Herndon said detectives were finally able to pin the crime on Young after watching one of his vehicles over a weekend. It had remained parked throughout the weekend, though Young took it to an insurance office on Monday and filed a claim, saying it had been damaged over the weekend.

Herndon said Young towed the vehicle to within about a block of the insurance office, and after filing the claim and receiving a check for $7,000, he hooked the vehicle back up to the tow truck and drove away.

That is a perfect example of what this scheme involved, which are known as “paper collisions.” These involve vehicles with existing damage or crashing vehicles into each other, making most or a lot of the claimed damage only exist on paper. However, these schemes often escalate into targeting unsuspecting drivers.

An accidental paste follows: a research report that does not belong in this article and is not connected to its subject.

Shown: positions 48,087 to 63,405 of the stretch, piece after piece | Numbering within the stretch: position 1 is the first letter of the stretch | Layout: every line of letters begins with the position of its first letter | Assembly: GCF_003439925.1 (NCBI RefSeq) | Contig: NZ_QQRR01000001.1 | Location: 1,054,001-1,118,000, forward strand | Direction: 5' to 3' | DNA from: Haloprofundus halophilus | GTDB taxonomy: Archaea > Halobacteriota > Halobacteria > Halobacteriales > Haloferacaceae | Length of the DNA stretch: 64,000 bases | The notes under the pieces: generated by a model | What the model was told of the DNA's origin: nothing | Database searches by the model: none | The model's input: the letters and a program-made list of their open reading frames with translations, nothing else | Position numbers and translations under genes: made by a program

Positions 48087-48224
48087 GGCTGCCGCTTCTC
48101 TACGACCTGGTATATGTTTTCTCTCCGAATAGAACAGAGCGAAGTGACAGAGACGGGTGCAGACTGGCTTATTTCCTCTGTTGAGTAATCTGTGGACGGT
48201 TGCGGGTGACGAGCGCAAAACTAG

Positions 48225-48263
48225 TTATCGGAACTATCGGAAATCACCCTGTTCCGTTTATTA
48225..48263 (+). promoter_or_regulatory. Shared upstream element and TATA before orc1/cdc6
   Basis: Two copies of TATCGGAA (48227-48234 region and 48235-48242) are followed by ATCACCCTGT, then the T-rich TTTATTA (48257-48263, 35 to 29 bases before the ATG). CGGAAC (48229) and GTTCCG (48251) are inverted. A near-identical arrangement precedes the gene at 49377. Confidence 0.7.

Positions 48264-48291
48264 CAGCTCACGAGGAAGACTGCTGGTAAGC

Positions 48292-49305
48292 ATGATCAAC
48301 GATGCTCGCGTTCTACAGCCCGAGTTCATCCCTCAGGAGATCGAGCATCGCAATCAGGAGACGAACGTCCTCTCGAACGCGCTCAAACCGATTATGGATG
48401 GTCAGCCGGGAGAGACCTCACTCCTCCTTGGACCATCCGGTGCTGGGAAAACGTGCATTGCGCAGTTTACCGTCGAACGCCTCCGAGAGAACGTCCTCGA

Herndon made an example of one case in which a woman deliberately backed her car into the front of another vehicle, and then claimed she was rear-ended. The woman’s scheme backfired however, when the black box on the victim’s vehicle revealed that it wasn’t moving when the crash occurred.

In instances such as these, and because many law enforcement agencies don’t respond to take reports on non-injury collisions, Herndon said drivers should take steps to protect themselves against fraudulent claims. He recommended photographing the damage to all vehicles involved, as well as any evidence at the scene, such as skid marks. He also advised taking photos of the other driver and of all passengers in the vehicle.

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Categories: Staged Accidents